But behold the wisdom of God, as well as his love and justice, manifested in the course arranged for. He would provide a ransom for Adam and thus for his race; he would provide a perfect man to be the Redeemer of the fallen one and those who lost life in him, yet he would do no injustice to any. Rather he would so arrange the plan that the one who should become man's redemption would himself be greatly advantaged by the sufferings and deprivations incidental to the work. No doubt had God offered the proposition in a general way to all of the heavenly hosts there would have been many ready and willing to render joyful obedience and to trust for whatever reward and blessing the Father might think best to give them; but he did not make the offer general—it was made to but one.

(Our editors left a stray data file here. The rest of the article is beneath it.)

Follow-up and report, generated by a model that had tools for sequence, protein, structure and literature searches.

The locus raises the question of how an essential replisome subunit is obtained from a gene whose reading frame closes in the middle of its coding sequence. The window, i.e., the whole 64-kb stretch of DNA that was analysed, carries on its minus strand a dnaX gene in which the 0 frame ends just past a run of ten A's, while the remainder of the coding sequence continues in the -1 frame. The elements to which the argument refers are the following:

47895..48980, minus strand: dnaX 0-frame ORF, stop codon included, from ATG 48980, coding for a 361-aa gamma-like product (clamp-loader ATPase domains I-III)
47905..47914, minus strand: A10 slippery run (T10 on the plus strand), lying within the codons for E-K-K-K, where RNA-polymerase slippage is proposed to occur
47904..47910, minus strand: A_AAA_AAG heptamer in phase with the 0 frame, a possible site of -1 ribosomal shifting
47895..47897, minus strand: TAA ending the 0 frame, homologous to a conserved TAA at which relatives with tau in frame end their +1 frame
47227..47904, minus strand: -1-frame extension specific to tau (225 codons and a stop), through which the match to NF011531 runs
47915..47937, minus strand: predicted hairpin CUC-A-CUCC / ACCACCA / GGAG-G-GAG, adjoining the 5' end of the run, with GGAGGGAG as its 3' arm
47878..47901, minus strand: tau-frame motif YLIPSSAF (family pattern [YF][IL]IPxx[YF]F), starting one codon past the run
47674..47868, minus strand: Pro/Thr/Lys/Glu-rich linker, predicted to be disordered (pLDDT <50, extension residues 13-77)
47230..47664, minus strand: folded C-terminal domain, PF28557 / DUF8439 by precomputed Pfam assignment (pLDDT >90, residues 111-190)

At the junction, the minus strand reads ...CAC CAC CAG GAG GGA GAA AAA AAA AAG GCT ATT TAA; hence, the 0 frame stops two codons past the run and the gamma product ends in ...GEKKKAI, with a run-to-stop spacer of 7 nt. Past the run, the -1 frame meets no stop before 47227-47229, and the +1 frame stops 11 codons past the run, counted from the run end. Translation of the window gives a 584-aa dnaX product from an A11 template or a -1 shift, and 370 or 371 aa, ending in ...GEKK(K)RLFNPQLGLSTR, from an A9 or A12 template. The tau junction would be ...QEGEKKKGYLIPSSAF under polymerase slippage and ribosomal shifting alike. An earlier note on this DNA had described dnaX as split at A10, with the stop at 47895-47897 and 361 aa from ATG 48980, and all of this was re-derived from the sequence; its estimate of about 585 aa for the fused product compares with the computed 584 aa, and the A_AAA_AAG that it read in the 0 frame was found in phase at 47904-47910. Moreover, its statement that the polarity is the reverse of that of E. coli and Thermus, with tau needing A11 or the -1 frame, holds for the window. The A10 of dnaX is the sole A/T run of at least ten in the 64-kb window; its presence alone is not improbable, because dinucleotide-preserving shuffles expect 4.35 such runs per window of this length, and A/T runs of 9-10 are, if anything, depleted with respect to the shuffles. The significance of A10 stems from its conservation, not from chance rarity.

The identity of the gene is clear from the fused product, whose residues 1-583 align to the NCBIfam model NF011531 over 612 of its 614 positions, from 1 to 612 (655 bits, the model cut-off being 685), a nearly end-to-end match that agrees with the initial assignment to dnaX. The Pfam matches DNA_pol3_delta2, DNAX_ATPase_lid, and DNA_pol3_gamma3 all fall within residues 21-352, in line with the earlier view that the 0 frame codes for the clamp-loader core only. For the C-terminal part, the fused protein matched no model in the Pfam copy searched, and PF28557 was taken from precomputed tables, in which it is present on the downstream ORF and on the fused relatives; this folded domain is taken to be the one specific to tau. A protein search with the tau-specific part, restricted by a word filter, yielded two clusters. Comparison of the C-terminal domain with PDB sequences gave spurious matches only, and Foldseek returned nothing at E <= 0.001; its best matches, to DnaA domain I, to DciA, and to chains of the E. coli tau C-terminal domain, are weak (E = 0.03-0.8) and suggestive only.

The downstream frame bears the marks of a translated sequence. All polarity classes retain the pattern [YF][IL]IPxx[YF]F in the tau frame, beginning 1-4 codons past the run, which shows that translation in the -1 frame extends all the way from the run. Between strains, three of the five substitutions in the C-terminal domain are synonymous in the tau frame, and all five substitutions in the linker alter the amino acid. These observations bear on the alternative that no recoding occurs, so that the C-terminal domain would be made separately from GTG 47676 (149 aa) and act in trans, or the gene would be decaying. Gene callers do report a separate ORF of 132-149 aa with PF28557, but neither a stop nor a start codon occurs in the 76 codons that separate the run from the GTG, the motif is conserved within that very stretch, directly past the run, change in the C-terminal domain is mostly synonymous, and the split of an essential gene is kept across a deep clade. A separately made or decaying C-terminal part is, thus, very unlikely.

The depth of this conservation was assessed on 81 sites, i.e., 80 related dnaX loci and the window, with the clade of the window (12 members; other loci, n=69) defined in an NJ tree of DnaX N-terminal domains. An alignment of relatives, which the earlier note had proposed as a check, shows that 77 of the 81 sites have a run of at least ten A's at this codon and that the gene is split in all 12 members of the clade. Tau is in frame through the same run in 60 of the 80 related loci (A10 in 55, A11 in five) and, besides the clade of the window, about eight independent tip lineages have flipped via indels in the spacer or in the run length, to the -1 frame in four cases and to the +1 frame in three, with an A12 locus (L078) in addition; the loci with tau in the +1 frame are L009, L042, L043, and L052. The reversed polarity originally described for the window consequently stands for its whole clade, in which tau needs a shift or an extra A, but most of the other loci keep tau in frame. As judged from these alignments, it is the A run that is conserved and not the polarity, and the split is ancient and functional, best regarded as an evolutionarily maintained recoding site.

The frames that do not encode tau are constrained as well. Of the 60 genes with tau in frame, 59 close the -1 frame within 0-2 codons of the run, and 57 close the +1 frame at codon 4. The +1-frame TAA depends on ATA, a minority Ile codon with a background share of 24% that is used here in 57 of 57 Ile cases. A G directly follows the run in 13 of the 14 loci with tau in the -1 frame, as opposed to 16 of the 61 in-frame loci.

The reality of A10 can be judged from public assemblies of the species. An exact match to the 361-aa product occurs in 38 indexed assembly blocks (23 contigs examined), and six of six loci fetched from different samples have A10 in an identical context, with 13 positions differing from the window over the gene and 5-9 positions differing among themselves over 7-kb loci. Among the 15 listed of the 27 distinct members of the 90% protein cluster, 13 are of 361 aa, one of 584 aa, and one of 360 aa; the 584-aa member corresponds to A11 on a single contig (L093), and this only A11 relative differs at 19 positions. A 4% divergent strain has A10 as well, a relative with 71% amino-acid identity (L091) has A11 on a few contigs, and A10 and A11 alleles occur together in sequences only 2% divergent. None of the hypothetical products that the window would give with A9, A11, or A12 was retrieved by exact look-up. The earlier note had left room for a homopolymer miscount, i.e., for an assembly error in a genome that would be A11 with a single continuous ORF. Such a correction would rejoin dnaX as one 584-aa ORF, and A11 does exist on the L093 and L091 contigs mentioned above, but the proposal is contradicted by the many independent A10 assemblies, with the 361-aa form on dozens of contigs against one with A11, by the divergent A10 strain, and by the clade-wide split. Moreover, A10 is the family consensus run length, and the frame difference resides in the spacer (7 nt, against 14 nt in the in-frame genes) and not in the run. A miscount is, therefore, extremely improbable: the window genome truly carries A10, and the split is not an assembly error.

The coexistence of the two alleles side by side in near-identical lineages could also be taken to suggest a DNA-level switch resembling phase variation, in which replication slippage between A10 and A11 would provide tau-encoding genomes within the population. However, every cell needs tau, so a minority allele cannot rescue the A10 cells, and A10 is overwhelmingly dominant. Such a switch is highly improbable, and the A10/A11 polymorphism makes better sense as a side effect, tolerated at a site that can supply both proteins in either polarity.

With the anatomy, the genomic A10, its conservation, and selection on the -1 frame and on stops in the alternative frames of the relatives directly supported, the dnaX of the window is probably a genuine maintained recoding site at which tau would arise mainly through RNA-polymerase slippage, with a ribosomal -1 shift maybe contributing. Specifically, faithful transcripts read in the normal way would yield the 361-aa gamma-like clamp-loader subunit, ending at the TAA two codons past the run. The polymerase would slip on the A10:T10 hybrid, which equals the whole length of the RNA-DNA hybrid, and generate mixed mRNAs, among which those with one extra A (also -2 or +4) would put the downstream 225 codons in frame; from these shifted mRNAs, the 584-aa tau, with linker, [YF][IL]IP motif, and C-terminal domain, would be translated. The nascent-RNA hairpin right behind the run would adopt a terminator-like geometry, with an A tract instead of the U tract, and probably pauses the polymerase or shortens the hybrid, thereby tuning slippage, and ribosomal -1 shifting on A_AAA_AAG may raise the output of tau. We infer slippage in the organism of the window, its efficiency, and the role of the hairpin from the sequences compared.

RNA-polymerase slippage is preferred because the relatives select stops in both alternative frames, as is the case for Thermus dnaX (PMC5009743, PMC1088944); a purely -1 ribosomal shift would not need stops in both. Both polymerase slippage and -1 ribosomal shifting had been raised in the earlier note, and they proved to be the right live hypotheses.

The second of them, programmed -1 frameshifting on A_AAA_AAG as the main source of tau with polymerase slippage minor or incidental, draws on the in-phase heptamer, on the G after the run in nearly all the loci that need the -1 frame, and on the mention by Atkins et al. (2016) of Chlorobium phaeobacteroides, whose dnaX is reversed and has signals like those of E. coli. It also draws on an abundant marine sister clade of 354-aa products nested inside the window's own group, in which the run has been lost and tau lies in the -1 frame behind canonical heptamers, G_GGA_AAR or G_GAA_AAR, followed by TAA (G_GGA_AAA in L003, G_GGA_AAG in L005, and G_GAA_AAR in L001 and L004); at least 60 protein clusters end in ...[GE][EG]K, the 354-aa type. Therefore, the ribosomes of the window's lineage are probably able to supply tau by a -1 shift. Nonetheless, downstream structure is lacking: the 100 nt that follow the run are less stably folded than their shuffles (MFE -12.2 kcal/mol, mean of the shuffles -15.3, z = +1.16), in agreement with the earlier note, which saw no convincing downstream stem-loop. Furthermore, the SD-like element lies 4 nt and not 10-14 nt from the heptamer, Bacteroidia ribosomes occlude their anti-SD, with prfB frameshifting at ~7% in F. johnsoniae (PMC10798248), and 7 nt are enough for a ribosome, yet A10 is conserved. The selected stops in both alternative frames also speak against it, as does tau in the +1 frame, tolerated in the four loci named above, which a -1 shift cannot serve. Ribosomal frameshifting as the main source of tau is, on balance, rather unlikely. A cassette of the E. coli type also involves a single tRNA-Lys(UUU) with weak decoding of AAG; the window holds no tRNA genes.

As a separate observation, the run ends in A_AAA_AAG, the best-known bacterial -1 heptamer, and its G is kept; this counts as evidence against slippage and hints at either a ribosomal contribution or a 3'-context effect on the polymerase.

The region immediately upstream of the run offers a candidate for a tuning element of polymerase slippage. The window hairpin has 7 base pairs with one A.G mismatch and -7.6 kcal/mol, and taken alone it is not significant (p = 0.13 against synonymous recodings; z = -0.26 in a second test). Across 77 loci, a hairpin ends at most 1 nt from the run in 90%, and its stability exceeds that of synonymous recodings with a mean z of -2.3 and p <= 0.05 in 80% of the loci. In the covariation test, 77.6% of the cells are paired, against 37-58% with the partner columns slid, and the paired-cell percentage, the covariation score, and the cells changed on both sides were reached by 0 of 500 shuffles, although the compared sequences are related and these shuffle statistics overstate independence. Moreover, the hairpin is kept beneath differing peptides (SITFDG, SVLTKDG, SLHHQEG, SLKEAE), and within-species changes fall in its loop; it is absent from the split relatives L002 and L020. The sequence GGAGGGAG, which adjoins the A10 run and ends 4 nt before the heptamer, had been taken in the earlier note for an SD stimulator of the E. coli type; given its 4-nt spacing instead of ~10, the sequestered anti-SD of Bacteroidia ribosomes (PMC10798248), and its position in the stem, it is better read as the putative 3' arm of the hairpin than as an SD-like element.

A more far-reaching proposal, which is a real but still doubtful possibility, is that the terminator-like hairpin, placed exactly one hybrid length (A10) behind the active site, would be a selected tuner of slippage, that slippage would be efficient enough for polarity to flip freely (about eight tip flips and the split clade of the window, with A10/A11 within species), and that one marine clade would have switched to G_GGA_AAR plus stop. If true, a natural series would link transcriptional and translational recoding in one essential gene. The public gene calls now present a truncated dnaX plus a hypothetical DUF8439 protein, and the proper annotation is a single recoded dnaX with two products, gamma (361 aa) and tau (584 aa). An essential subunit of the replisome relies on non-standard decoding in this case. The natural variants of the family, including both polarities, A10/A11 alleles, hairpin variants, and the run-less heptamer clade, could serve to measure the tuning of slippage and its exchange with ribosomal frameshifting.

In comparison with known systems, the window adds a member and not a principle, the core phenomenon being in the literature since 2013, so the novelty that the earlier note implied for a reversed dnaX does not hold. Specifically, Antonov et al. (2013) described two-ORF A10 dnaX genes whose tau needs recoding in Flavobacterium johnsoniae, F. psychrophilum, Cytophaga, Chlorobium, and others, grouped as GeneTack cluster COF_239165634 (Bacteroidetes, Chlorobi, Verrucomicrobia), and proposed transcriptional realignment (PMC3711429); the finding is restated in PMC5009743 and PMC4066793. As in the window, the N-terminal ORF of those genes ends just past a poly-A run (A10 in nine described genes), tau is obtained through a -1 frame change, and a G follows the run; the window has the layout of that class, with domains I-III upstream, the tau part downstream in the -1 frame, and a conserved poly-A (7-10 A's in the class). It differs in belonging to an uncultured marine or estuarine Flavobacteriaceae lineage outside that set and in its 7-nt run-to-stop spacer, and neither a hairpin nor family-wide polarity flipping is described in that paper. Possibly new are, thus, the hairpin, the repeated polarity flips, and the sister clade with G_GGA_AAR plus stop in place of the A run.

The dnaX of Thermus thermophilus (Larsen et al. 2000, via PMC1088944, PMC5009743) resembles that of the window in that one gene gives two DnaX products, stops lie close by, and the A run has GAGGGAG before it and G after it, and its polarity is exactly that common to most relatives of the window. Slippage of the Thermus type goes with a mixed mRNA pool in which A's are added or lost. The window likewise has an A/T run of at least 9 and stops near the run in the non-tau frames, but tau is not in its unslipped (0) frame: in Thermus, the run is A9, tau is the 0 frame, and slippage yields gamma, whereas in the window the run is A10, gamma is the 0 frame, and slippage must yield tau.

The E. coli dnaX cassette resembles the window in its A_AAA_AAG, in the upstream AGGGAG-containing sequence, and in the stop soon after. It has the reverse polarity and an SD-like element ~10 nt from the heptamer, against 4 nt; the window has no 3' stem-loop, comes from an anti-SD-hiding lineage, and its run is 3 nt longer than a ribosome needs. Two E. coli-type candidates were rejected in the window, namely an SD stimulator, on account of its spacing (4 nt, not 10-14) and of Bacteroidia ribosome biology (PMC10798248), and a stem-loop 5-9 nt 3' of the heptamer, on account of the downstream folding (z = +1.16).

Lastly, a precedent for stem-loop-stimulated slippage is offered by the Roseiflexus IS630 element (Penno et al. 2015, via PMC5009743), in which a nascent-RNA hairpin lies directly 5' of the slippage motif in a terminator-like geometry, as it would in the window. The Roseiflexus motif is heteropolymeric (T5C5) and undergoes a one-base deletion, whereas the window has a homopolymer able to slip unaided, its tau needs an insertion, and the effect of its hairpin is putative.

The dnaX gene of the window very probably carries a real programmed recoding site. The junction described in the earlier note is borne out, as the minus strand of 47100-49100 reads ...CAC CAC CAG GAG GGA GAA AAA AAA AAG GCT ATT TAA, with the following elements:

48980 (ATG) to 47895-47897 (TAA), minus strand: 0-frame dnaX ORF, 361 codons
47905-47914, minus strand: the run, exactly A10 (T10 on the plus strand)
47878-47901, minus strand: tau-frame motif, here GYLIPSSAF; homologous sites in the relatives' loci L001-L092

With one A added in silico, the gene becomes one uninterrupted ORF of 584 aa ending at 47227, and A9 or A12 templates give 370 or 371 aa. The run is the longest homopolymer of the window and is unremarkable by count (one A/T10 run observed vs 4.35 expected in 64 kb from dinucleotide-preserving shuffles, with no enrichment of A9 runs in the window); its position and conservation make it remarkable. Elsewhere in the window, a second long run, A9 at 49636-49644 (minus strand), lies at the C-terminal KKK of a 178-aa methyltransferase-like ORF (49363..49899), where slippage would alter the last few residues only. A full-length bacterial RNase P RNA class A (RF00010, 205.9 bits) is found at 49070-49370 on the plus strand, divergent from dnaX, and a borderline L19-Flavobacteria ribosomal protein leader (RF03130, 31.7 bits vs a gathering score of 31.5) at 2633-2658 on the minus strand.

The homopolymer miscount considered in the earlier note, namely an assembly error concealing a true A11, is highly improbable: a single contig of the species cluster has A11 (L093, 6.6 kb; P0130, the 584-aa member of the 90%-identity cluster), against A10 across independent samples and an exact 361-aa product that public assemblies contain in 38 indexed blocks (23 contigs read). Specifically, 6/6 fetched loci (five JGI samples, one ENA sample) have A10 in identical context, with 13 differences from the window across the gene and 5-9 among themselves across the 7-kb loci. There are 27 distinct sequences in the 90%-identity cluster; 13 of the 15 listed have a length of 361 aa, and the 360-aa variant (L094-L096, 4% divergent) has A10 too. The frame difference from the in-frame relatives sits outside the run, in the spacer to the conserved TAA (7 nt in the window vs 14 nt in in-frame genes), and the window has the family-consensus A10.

Amongst the heavenly hosts was the only begotten of the Father, he who in the beginning was called the Word and who was with the Father, and who himself was a God or a Mighty One, and who had been used of the Father as his instrument in the creation of all the angelic and human beings. To this one, highest of all, the Father would first make the proposition of the great sacrifice, the great test of faith in the Father's love and the Father's power—that he would restore him again when the work was finished, and that with added glory. True, the Only Begotten might have declined, and, so far as we know, without prejudice, in which event the offer or opportunity would have been given probably to the one next in honor and glory and power amongst the angels. But the Only Begotten did not decline, but joyfully accepted the offer of being a co-laborer with the Father on behalf of mankind. He carried out the project; he left the heavenly courts, laid aside the heavenly conditions, spirit body, etc., was transferred to the womb of Mary, and in due time was born a man amongst men, "the man Christ Jesus."